Prostitution, pornography, burlesque, raunch culture, BDSM and other kinks, none of that is revolutionary or goes against conventions because the concept that men are entitled to women’s bodies is not revolutionary and does not go against conventions. The only revolutionary act, the only act that goes against conventions, the only act that is truly rebellious, is to say: fuck anyone who believes that men are entitled to women’s bodies, either through marriage or through “sex work” and fuckability standards. Why don’t they call THAT “agency”? But no, they attack the women who say these things as being against other women’s “agency.”

How can one person’s freedom go against the freedom of another? How can one person’s resistance prevent another person’s resistance? When you formulate it like that, it doesn’t make much sense. If one person’s rights entail the destruction of another person’s rights, then one of these “rights” is not a real right. Likewise, if one person’s freedom goes against another person’s freedom, then there’s a problem of definition: one of these is not real freedom. In my view, the “freedom” to conform to social norms is not a real freedom.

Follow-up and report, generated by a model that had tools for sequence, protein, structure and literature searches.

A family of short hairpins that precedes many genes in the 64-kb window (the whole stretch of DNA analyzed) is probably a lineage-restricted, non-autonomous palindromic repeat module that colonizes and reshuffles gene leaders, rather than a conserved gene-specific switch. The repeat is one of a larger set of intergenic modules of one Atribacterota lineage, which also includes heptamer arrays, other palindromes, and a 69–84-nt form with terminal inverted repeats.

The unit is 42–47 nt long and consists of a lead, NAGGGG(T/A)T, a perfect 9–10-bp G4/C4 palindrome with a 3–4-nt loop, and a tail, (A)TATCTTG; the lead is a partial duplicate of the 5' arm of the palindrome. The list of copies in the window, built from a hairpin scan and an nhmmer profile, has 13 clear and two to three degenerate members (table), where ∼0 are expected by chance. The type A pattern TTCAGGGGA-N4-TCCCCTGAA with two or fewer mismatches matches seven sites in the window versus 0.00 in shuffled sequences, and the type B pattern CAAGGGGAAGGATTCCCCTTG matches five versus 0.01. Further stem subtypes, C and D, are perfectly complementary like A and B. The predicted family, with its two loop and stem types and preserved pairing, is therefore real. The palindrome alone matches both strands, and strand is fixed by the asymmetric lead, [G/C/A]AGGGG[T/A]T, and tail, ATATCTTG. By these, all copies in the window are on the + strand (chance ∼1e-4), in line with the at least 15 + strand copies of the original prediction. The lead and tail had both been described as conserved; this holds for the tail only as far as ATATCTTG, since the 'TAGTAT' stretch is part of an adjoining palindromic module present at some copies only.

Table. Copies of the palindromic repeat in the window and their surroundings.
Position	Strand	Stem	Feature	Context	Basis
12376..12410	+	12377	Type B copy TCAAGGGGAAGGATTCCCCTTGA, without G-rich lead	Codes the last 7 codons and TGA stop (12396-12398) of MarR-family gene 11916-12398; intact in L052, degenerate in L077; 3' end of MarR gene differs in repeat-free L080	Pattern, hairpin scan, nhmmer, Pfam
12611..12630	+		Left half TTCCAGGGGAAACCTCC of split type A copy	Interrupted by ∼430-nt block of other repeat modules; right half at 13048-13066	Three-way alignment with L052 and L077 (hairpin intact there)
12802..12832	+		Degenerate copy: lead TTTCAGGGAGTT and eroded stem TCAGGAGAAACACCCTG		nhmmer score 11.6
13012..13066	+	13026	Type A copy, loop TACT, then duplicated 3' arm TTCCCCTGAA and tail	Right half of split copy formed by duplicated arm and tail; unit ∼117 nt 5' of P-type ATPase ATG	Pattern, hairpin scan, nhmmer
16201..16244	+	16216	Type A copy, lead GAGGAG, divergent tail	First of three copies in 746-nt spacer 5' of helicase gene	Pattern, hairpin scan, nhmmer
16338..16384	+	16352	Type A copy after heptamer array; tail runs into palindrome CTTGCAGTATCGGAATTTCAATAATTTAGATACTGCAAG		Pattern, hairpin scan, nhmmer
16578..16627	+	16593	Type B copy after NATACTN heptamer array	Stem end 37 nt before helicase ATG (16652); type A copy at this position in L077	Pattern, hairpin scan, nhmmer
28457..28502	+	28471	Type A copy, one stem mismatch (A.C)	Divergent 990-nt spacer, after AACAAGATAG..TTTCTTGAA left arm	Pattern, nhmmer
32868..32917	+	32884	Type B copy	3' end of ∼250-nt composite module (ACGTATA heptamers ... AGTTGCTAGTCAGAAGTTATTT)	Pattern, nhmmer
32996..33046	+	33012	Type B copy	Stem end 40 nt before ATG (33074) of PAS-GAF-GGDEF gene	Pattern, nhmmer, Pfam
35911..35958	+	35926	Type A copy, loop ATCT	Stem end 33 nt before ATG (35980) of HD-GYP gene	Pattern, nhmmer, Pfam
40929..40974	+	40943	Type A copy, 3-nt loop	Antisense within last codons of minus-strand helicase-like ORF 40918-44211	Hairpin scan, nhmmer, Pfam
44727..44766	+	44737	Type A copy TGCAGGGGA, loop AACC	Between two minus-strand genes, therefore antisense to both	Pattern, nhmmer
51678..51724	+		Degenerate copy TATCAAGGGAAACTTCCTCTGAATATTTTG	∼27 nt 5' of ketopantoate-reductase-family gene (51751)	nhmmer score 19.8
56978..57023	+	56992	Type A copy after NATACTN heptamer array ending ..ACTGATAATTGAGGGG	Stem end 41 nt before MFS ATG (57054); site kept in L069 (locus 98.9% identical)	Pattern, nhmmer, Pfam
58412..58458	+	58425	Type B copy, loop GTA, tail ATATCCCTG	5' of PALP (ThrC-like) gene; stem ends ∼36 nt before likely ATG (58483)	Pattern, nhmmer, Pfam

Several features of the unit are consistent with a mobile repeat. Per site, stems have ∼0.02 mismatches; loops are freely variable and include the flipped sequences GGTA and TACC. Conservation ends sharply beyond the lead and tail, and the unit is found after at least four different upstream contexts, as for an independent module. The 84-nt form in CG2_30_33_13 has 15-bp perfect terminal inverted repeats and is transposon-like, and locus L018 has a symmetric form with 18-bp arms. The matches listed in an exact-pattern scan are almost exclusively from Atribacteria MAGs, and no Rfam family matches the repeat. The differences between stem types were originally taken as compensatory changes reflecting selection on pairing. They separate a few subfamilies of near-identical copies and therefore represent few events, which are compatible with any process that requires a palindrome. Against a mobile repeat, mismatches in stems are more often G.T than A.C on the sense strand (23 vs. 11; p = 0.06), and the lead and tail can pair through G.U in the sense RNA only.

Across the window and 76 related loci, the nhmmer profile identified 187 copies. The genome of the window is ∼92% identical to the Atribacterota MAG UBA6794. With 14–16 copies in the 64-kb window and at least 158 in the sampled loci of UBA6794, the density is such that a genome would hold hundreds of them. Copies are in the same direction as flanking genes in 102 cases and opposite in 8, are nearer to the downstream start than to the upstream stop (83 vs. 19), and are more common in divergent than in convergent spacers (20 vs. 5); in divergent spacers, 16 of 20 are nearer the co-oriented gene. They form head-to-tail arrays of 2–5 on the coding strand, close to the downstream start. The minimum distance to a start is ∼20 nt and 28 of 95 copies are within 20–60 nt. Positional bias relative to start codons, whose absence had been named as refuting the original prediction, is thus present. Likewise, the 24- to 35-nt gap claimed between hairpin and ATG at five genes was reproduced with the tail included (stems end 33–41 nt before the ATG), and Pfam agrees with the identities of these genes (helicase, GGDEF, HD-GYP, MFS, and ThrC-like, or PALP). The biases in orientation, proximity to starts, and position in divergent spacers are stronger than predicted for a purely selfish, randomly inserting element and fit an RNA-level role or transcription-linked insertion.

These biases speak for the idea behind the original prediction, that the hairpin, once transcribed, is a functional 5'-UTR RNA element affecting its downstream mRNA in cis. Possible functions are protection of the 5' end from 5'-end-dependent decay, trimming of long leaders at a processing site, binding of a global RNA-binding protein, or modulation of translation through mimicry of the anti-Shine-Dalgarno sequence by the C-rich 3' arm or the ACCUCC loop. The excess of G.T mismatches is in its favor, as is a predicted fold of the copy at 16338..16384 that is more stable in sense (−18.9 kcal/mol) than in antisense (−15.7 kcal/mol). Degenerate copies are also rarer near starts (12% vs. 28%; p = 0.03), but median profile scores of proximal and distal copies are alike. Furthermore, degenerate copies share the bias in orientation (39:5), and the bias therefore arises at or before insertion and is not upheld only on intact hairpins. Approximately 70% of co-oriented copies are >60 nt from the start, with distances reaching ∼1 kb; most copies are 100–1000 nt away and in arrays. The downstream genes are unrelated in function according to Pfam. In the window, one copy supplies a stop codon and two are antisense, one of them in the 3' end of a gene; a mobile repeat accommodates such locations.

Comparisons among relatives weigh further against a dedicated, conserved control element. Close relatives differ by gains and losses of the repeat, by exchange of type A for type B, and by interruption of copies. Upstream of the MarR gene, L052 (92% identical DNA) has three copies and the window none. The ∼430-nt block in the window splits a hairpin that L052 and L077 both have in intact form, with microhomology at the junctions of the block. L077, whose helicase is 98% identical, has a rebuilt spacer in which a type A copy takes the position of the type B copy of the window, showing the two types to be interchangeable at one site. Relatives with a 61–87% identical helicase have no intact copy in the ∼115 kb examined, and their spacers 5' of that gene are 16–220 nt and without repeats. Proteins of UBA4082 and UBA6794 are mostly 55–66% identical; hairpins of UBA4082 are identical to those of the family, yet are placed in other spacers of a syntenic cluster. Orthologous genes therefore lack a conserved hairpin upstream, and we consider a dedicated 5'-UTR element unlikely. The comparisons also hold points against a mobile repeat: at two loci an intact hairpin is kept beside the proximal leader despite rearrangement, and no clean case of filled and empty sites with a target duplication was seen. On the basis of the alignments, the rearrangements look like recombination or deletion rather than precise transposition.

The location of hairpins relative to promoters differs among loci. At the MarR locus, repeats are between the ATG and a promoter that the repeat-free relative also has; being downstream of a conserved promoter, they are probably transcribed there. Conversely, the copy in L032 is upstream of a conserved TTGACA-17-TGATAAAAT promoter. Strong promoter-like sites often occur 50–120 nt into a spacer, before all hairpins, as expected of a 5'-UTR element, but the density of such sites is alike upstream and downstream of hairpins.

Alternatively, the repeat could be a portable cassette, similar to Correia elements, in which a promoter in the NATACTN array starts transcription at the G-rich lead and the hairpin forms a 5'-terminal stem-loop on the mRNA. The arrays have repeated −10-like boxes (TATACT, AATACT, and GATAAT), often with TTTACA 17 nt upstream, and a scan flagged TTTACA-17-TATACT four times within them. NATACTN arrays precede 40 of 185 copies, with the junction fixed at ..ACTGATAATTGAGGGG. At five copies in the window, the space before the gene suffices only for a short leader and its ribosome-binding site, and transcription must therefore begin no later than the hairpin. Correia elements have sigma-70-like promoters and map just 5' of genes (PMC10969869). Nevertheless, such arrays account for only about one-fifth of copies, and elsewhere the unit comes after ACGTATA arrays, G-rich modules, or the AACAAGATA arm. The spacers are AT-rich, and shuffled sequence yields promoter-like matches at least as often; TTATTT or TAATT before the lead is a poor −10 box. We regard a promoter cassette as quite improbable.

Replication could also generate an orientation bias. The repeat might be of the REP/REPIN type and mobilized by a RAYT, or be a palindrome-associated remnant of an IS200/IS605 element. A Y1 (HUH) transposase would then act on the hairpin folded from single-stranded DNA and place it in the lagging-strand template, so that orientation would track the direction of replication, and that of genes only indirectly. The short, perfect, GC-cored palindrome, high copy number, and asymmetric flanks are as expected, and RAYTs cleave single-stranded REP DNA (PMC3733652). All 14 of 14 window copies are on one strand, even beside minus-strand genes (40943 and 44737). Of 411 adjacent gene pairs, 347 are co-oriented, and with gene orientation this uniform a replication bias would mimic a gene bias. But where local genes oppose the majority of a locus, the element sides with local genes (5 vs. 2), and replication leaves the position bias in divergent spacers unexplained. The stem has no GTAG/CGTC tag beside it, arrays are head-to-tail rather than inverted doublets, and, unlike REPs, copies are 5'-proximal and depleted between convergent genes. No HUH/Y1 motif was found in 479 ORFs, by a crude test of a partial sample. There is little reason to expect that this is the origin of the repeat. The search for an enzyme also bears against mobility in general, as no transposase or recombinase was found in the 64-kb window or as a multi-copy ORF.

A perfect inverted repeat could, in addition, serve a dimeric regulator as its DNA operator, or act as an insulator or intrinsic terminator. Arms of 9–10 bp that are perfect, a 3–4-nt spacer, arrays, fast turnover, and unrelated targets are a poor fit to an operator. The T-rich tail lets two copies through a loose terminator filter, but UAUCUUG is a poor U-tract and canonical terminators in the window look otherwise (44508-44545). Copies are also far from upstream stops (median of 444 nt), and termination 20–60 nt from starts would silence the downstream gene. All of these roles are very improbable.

I am not saying here that people should be blamed for conforming. I have nothing at all against people who wish to engage in these things. But we have a problem when that conformity (being in favor of “sex work,” advocating for the objectification of women) is reframed as freedom (being pro-“agency”), and when opponents of conformity (radicals) are portrayed as ultra-conformists (conservatives).

Radical feminists have never denied the agency of women under conditions of oppression. But radical feminists have located women’s agency, women’s making of choices, in resistance to those oppressive institutions, not in women’s assimilation to them. Nowhere in the more “nuanced” feminist liberal literature on choice is women’s resistance to pornography and surrogacy stressed as a sign of women’s agency. What about the agency of women who have testified about their abuse in pornography, risking exposure and ridicule, and often getting it? What about the ex-surrogates who choose to fight for themselves and their children in court, against the far greater economic, legal, and psychological advantages of the sperm donor? If we want to stress women’s agency, let’s look in the right places.

7 thoughts on ““Agency” obscures the real issues of freedom and power.

  1. John Doe October 16, 2016 at 04:37